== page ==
What You Need To Know This Week — May 16th, 2020
What You Need To Know This Week
A weekly recap to keep you informed on the most important events this week impacting markets, business, tech and the global economy.
BITCOIN GOES THROUGH A HALVING
Cryptocurrency bitcoin went through its third “halving” on Monday. The halving refers to the 50% reduction of the reward earned by bitcoin miners who successfully process transactions through intensive “proof of work” computations on the bitcoin blockchain. After the most recent halving, the miners’ reward declined from 12.5 to 6.25 bitcoins. The effect of halving is that the growth in bitcoin supply decreases and is thus disinflationary, which many bitcoin bulls believe makes it superior to the inflationary nature of fiat currency.
UBER MAKES PLAY FOR GRUBHUB
Ride-sharing company Uber is reportedly trying to merge with subsidiary Uber Eats rival Grubhub in a potential all-stock, $6.9 billion deal. According to sources, Grubhub is requesting a 2.15 Uber shares consideration, while Uber is only willing to offer a 1.9 share exchange ratio. The situation remains fluid, however, the deal would bring significant anti-trust concerns given it consolidates a three-player market down to two, with the pro-forma entity having a gargantuan 55% market share.
GRAN COLOMBIA REVEALS UNSOLICITED BID FOR GUYANA GOLDFIELDS
Gold miner Gran Colombia revealed an unsolicited proposal to acquire Guyana Goldfields for $100 million, potentially kicking off a bidding war for the company against friendly acquiror Silvercorp. Gran Colombia’s all-share proposal, worth $0.90 per share on announcement, came in at a 114% premium to Guyana’s unaffected price and a 29% premium to Silvercorp’s friendly bid. Despite the higher price, thus far Guyana’s board of directors has rejected the unsolicited proposal, blaming some of the attached conditions. This is the first potential bidding war and hostile M&A proposal since the coronavirus crash.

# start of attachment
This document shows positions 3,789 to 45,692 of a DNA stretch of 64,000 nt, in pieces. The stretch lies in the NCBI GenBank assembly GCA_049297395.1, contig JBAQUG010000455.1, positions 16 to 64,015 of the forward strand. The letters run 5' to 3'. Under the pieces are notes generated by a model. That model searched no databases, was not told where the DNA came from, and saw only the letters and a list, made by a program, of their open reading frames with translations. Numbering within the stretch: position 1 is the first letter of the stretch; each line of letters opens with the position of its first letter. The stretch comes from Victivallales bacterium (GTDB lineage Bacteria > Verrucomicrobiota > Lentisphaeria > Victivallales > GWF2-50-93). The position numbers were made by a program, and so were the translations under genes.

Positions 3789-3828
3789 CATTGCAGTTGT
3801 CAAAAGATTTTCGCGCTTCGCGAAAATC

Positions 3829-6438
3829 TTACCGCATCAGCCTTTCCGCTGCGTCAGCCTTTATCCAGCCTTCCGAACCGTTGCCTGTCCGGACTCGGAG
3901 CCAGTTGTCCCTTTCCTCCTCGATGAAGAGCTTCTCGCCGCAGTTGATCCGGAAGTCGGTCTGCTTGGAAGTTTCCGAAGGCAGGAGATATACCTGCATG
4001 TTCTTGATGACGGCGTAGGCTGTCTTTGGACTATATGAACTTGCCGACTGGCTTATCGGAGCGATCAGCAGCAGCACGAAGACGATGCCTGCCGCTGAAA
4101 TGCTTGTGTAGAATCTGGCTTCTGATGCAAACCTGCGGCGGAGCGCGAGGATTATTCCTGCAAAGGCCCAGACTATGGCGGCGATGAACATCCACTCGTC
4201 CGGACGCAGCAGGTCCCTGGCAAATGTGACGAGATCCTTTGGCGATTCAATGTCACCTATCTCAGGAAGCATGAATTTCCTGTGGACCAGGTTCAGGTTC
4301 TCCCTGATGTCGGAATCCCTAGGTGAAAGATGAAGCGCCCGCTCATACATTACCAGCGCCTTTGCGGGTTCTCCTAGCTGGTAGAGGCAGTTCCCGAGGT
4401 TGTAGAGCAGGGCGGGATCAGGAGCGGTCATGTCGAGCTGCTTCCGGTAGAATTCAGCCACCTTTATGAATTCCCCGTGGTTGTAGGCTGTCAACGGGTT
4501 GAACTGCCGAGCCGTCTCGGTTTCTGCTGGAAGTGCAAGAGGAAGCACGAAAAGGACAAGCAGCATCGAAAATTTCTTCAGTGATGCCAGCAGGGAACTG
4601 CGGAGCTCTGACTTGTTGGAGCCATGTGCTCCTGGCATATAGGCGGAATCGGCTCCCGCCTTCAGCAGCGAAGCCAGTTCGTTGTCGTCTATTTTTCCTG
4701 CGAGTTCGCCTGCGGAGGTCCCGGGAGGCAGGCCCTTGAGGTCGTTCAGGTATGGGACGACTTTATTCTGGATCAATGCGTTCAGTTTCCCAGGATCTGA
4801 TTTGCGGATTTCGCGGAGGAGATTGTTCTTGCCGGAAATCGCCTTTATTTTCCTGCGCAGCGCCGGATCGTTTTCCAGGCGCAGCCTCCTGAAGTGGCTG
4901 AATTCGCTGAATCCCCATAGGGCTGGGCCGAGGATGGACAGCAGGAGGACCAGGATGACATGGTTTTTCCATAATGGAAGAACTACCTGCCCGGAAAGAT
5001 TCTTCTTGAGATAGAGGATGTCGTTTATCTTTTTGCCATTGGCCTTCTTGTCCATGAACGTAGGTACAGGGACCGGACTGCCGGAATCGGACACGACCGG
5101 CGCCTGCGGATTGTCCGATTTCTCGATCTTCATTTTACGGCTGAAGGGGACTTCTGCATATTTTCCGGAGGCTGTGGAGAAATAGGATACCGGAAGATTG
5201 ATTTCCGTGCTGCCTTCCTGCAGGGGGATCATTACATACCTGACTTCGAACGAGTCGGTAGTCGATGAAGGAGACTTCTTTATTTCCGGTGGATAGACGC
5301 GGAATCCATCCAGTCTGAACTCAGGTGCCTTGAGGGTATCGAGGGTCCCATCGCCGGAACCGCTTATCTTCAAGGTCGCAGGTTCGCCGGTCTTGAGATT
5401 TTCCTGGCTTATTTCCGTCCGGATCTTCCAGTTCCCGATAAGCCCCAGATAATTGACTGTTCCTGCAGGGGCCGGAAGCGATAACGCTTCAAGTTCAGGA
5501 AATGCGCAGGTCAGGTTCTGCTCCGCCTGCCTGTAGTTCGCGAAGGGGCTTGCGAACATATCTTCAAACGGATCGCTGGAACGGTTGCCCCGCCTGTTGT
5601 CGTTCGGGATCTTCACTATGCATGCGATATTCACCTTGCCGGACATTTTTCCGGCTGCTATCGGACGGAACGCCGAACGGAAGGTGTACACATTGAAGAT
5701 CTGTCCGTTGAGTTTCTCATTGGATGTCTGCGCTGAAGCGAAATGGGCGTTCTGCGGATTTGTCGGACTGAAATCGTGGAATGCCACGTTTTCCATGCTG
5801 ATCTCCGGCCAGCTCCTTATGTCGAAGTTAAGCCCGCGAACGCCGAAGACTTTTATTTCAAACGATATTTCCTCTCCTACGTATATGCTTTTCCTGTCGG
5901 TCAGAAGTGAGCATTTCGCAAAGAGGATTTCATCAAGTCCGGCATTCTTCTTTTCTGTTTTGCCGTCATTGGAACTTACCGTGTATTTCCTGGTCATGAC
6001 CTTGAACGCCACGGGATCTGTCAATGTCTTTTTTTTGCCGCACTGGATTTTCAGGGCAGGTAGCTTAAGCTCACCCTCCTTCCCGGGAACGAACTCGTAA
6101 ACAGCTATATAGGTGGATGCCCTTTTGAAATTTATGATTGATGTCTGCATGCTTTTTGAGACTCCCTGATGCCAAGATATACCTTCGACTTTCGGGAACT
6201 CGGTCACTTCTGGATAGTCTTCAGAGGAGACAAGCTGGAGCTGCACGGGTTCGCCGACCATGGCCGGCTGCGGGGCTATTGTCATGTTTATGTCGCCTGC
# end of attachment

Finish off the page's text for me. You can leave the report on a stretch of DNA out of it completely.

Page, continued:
Notable Insights, Articles, Podcasts, and Tweets
Listen to renowned investor Howard Marks discuss investing in the age of COVID-19 on the Tim Ferriss Show.
Special Purpose Acquisition Companies (SPACs) are quickly becoming one of the most popular asset classes of 2020. In April, 80% of all money raised for U.S. initial public offerings went to SPACs, up significantly from the 10-year average of 9%. The growth of blank-check companies is a trend that will likely continue.
Billionaire real estate executive Barry Sternlicht’s special purpose acquisition company Jaws Acquisition Corp. went public this week in a $600 million IPO.
Shopify overtook RBC as the most valuable publicly-traded company in Canada. The companies that previously attained this milestone, including Nortel, Blackberry and Valeant Pharmaceuticals, went on to underperform dramatically. “One common factor among the companies that overtook RBC was “an overarching narrative that tried to justify the valuation.”
SSR mining and Alacer Gold announced a friendly merger of equals as the bull market in the yellow metal continues.
As the equity market window continues to open, online car seller Vroom filed for an initial public offering. The company previously raised $250 million in a private financing round in December that valued the company at $1.5 billion.
The U.S. government moved to restrict the shipment of semiconductors to China’s Huawei Technologies. Huawei has continued to use U.S. software and technology to design its semiconductors, despite being placed on the U.S. economic blacklist last year. This move by the U.S. Commerce Department will cause a rise in tensions between the countries at an inopportune time and have potential blow-back for companies including Apple and Cisco.
U.S. retail sales dropped 16.4% in April, while industrial production had a record drop of 11.2%. With economies beginning to open up in May, last month is expected to show the worst of the coronavirus recession data.
U.S. core CPI, a measure of inflation, fell its most on record in April. Leading the decline was the collapse in travel and apparel spending.
Facebook announced the acquisition of animated-picture platform Giphy for $400 million. This deal is likely to increase the risk appetite of start-up investors.
Media mogul Jeffrey Katzenberg’s streaming startup Quibi, which raised nearly $1.8 billion, is off to a slow start. It dropped out of the list of the 50 most downloaded free iPhone apps. The founders blame the coronavirus for the slow consumer uptake.
Value investing hasn’t worked for a long time and the pandemic has compounded the pain. In this day and age, does value investing still make sense?
Entrepreneur and NYU Stern School of Business professor Scott Galloway reveals the secret to happiness.
Against government regulations, Tesla chief Elon Musk has resumed operations at its vehicle manufacturing plant. Thus far, there have been no negative repercussions. Despite the recession and decline in vehicle demand, Tesla’s stock remains near an all-time high.